#508 – Using the #error and #warning Directives

The #error and #warning directives allow you to output errors and warnings at compile time.  You can give either directive some text that will be output by the compiler and look like a standard compile-time error or warning.

In the example below, we’ve include a compile-time warning, reminding us that we want to later change some code.

#warning TODO: Add a parameter to this Bark method
            d.Bark();

At compile time, we’ll see this warning in the Error List in Visual Studio.

You might use the #error directive to force an error to occur based on some combination of conditional compilation symbols.  When this directive is encountered, the compiler will generate an error.

#if DEBUG && BUILDFORRELEASE
#error You fool--Release builds must not be built with DEBUG flag!!
#endif

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#505 – Using the #elif Directive

When you check whether a conditional compilation symbol is defined using the #if, #else and #endif directives, you can include additional clauses within the scope of the #if directive by using the #elif directive.  The #elif directive adds an additional expression to check, if any earlier expressions evaluate to false.

In the example below, we check both the DOGSBARK and the DOGSWAG symbols to determine which line to compile.

//#define DOGSBARK
#define DOGSWAG

using System;
using DogLibrary;

namespace ConsoleApplication1
{
    class Program
    {
        static void Main()
        {
            Dog d1 = new Dog("Kirby", 12);
#if DOGSBARK
            d1.Bark();
#elif DOGSWAG
            d1.WagTail();
#else
            d1.JustSitThere();
#endif
        }
    }
}


You can include as many #elif clauses as you like.

#504 – Using the #else Directive

You can conditionally compile code using the #if and #endif preprocessor directive.  You can also use an #else clause between the #if and the #endif.

In the code below, we’ve commented out the definition of DOGSBARK, so the code between the #else and #endif will be compiled.

//#define DOGSBARK

using System;
using DogLibrary;

namespace ConsoleApplication1
{
    class Program
    {
        static void Main()
        {
            Dog d1 = new Dog("Kirby", 12);
#if DOGSBARK
            d1.Bark();
#else
            d1.WagTail();
#endif
        }
    }
}

Note that the code after the #if directive is greyed out, while the code after the #else is formatted normally.

#500 – #define and #undef Must Be at Top of File

In C#, all #define and #undef  preprocessor directives must appear at the top of a source code file, i.e. before any valid C# tokens.  The definition (or un-definition) then remains in effect until the end of the file is reached.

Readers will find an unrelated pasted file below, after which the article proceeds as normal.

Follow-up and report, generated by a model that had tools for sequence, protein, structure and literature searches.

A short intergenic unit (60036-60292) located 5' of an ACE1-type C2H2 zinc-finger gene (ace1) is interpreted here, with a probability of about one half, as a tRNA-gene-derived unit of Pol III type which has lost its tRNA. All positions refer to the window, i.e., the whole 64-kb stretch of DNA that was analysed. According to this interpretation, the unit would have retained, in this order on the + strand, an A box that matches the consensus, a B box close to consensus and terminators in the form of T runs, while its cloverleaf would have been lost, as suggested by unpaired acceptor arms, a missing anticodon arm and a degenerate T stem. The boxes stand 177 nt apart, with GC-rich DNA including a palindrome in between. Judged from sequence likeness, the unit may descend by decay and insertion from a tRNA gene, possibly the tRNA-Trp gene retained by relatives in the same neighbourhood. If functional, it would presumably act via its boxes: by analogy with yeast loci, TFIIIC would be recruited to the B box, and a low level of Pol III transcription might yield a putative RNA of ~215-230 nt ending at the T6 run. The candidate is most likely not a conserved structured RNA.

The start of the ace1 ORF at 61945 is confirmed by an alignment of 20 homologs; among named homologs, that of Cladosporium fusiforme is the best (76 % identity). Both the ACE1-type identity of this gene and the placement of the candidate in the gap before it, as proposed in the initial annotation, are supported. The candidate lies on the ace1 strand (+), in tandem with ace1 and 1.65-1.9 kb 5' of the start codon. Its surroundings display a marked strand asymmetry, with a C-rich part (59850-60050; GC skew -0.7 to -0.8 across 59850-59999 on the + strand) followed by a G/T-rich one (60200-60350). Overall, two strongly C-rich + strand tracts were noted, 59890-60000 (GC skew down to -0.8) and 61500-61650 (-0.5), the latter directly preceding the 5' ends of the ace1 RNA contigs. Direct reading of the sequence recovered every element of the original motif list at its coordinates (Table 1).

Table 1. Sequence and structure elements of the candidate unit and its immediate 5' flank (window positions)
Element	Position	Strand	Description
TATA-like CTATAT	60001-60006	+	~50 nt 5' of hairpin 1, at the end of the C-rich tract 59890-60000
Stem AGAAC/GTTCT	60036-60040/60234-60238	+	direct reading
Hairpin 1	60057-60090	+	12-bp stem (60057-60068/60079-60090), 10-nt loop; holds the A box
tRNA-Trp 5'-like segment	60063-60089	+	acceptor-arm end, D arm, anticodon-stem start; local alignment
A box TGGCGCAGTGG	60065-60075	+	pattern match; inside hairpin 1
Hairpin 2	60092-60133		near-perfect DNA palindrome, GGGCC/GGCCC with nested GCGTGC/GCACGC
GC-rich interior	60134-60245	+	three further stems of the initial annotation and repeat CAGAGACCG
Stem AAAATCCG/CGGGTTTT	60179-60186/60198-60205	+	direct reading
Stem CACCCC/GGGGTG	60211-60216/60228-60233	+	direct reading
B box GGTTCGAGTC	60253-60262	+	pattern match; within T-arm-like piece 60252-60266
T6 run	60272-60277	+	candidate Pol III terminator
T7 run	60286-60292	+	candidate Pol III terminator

#define QUIET

using System;
using DogLibrary;

namespace ConsoleApplication1
{
    class Program
    {
        static void Main()
        {
            Dog d1 = new Dog("Kirby", 12);
#if QUIET
            d1.Bark("Arf");
#else
            d1.bark("WOOOF");
#endif
        }
    }
}

In this case, because the conditional compilation symbol is included directly in the code, Intellisense already knows which of the two Bark methods will be included in the code.  It displays the line that will not be compiled in grey.

In this example, the second Bark method is not compiled at all.

 

#499 – Conditional Compilation Symbols Are Defined or Undefined

At any given point in your source code, while the compiler is compiling that section of code, a particular conditional compilation symbol is either defined or undefined.

You define a conditional compilation symbol

  • Using the #define preprocessor directive
  • Using the /define option on the compiler command line
  • Implicitly (for DEBUG and TRACE symbols), when selecting a build option for a project

You undefine a conditional compilation symbol

  • Using the #undef preprocessor directive
  • When reaching the end of a source file

A conditional compilation symbol is either defined or undefined–it has no value.

You check whether a conditional compilation symbol is defined by using the #if or #elif preprocessor directives.

A conditional compilation symbol remains defined in a source file until the end of the containing source file or until encountering an #undef directive (whichever comes first).